We have found it equally satisfactory to treat the paper with the resin solution by coating the paper on one or'both sides with the material, as well as by immersing it into a bath of the material. Accordingly, although the immersion procedure is preferable, it will be understood that our inven tion may be carried out with equal facility by applying the resin solution by a coating procedure.

Our invention also contemplates the employment of resins, such as the oleoresins, which carry with them certain essential oils or similar ingredients of aromatic ualities. It is possible, for example, by emp oying a balsam resin to produce a cigarette paper, and a finished cigarette, of new and improved aromatic qualities, the term aromatic referring not only to odor but also to taste. The water-resistant characteristics are achieved in conjunction with a property causing the cigarette to embody a pleasing and novel aroma and/or taste when it is smoked, thisresult probably being due to the fact that the essential oil or similar ingredient is released under burning conditions.

Under certain circumstances, we have:

found it advantageous to employ a small percentage of a waxy substance, such as paralfine, carnauba wax, cerowax, or the.

like, in conjunction with the resinous substance. For example, in the formula here inbefore illustratively specified, about two parts, by weight, of parafline may advantageously be added, the wax in some way seeming to enhance the practice of the proc-' ess and the water-resistant resultant paper. I

It will also be understood that we deem a qualities of the finished cigarette consisting of a rolled body present invention to fall within the purview of our invention.

The term efiiorescence, as the same is used herein and in the appended claims, is intended to signify the henomenon hereinbefore referred to where y the resin apparently forms a film or layer of porous character on the paper, although it will be understood that the resin is quite possibly in efliorescent condition within the pores of the paper as well. Stated otherwise, it is our contention and belief that the resinous material is impregnated in the paper in a mild manner, the amount of resin being insufiicieht to affeet the porosity and burning qualities of the paper, yet enough to impart a water-resistant characteristic to the paper. It will be understood, however, that the impregnation referred to is not of the ordinary character wherein the pores of the paper are filled and whereby the porosity is seriously impaired, if not completely destroyed, but that the deposit of the resin either on or in the paper is of the character which is the result of a blooming or efllorescence whereby a broken and porous or powdery deposit results.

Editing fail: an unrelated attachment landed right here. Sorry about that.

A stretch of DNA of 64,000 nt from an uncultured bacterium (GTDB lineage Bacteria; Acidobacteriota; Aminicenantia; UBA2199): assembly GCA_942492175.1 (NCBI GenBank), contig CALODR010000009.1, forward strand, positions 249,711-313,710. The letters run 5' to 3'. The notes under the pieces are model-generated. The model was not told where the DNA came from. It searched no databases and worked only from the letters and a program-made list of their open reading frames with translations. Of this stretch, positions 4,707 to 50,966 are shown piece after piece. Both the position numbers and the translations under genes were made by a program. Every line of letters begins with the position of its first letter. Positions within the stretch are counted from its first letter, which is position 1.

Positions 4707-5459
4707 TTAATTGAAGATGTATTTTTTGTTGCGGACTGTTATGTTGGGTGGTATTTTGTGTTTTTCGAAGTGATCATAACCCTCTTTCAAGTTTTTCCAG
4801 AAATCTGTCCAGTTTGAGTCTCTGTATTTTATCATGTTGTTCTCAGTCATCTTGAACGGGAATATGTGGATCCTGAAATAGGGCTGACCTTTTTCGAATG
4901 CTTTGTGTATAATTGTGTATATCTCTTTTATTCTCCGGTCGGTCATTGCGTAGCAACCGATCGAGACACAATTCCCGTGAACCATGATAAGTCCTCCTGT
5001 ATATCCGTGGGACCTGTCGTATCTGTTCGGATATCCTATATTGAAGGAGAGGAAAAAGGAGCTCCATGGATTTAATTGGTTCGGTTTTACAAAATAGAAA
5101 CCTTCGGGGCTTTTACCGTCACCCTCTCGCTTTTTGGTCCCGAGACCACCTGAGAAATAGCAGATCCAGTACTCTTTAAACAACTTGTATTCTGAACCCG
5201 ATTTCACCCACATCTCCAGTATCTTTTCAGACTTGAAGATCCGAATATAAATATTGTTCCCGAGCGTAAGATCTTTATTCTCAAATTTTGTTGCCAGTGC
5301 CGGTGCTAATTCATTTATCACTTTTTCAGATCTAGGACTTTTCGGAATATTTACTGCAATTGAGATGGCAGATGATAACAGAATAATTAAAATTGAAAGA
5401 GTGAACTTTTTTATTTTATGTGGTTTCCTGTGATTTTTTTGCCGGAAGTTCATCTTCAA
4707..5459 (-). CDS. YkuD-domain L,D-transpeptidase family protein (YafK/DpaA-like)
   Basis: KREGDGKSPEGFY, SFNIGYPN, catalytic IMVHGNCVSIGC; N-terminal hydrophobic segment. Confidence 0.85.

In general, it will be obvious that changes in the details herein described for the purpose of explaining the nature of our invention may be made b those skilled in the art without departing rom the spirit and scope of the invention as ex ressed in the appended claims. It is there ore intended that these details be interpreted as illustrative, and not 3. The herein-describedmethod of treat ing cigarette paper to make it water-resistant, which consists in forming thereon a porous efllores'cence of resin and a waxy substance.

4. The herein-described 'method of treattile solvent, and causing the solvent to evaporate in a moist atmosphere.

7. The herein-described method of treating cigarette paper which consists in a plying to it a resin of the class which inc udes mastic and ester gum, said resin being dissolved in a readily volatile solvent of the class which includes carbon-tetrachloride, acetone, and benzol, and causing the solvent to evaporate under conditions inducing the formation of an efilorescence of said resin on the paper.